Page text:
A new book, “The Dakota Scrapbook, Volume 1, The Exterior,” looks at the history of the famed building where John Lennon lived and Yoko Ono still does). Author Cardinal told Beatles Examiner he finds the building fascinating.
“I am a third-generation New Yorker. I am also a third-generation Beatles fan. So I have been familiar with the Upper West Side and John Lennon my entire life. I grew up watching the Thanksgiving Day Parade from across the street of the Dakota,” he said.
“When others were watching the balloons I was always looking past them and into the Dakota's window and daydreaming about what was going on inside. Yes, I daydreamed about John Lennon and Yoko and their amazing apartment(s), but also about some of the other amazing residents and guests such as Lillian Gish, Boris Karloff, Lauren Bacall, Zero Mostel and more.
“What happened to John Lennon in 1980 was beyond horrible for his friends, family, Beatles fans, and humanity. It is also the worst thing to ever happen to the Dakota. It upsets me that people walk to West 72nd Street, stand in front of the south entry, and smile, and have their photo taken so they can show their friends that they were there. Most people never even look 12 inches to the left, right, or look up too see how extraordinary the Dakota is.”
Cardinal says his private memorabilia collection was the foundation for the book. It was also used for an associated forthcoming documentary on the Dakota.
Back to "The Sixties": CNN's “The Sixties” series, which previewed its “The British Invasion” segment in February, begins a full run May 29 with “Television Comes of Age.” “The British Invasion” program will be repeated July 10, and the entire series will be seen in a marathon showing July 3.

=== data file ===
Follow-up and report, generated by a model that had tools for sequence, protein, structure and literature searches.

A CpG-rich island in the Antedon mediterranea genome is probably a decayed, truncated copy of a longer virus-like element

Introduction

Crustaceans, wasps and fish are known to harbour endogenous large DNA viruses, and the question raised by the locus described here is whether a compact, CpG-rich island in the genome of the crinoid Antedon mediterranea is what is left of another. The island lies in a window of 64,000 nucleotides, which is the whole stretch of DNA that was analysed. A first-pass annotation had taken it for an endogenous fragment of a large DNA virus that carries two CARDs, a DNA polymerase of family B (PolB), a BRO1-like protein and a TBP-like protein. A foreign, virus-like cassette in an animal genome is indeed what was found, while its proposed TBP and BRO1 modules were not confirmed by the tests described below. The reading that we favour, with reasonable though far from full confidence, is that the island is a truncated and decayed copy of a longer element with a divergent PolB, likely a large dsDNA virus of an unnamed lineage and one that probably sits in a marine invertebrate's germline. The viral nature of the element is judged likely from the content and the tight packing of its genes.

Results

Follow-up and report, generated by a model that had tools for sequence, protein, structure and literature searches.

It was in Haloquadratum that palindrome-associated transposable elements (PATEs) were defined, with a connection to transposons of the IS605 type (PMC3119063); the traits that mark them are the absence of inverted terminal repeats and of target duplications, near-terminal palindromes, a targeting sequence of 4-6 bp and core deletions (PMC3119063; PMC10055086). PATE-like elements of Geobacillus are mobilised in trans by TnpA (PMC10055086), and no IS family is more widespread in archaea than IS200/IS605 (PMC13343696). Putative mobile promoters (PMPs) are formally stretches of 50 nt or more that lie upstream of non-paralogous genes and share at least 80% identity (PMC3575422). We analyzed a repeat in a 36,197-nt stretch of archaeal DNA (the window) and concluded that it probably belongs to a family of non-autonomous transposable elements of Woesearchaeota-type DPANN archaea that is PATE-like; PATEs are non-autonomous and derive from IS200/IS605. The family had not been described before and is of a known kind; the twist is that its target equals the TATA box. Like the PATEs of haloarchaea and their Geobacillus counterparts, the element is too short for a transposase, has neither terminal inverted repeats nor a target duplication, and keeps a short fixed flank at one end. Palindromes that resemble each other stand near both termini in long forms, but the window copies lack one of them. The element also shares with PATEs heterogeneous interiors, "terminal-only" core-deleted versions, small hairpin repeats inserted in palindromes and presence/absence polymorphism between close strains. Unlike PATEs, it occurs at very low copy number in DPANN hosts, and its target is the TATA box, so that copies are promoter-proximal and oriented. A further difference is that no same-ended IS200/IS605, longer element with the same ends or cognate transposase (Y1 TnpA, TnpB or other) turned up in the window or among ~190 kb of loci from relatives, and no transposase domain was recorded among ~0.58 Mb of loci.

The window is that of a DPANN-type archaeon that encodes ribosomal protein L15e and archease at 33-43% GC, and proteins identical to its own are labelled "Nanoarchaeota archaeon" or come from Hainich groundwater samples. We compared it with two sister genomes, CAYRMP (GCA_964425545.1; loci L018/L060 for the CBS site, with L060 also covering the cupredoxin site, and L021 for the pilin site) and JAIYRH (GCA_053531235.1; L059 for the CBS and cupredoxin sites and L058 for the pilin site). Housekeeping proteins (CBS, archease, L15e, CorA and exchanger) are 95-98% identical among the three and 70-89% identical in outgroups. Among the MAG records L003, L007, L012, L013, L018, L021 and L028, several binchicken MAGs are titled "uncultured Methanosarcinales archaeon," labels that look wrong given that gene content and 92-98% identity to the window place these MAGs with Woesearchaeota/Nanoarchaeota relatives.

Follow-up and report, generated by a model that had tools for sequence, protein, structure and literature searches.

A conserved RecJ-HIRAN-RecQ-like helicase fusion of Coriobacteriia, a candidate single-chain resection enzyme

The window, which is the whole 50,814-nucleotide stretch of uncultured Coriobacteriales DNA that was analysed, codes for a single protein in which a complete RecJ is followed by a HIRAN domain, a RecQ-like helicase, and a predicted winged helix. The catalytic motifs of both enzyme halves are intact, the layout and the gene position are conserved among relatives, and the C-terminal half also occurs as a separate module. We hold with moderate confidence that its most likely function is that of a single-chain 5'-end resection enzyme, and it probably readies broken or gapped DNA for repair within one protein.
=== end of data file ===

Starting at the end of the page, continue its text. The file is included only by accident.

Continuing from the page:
“The British Invasion” features the Beatles, of course, but a lot of other music, too. Those interviewed for the show include Michelle Phillips, Micky Dolenz, Dave Clark, Smokey Robinson and Graham Nash. One of the nice things of the show is that the vintage footage is not all the usual stuff. And “The British Invasion” isn't the only part in the 10-hour series that discusses music. “Sex, Drugs and Rock 'N' Roll,” which premieres Aug. 7, looks at the cultural changes brought about by '60s music.
The series takes on all sorts of cultural topics of the decade: television, politics, world events, the assassination of President Kennedy, the war in Vietnam, civil rights, the space race, gay rights and the feminist movement. One hour is devoted to the events of the year 1968.
In connection with the series, a special “A Look Into the Sixties” exhibit opened today at Vanderbilt Hall in New York's Grand Central Terminal. The exhibit includes a Beatles butcher cover album and other '60s artifacts.
Cutting Room show: Ringo All-Starr Band music director Mark Rivera will return to the Cutting Room for a solo show June 13, it was announced May 27. His “Common Bond” album is nothing short of fantastic.
More Beatles books: A few more Beatles books to look into. “The Beatles Through Headphones: The Quirks, Peccadilloes, Nuances and Sonic Delights of the Greatest Popular Music Ever Recorded” by Ted Armstrong, due in November, gives a specialized view of their catalog. “The Guitar's All Right As a Hobby, John” by Kathy Burns is a profile of John's Aunt Mimi.
And musicians and musicologists will be interested in “The Beatles Session Parts,” a music book coming in September that features 20 Beatles songs with transcriptions for the various instruments featured in each song. "A Day in the Life,” “Strawberry Fields Forever,” “Got to Get You Into My Life,” “Sgt. Pepper's Lonely Hearts Club Band” and “I Am the Walrus” are among those featured.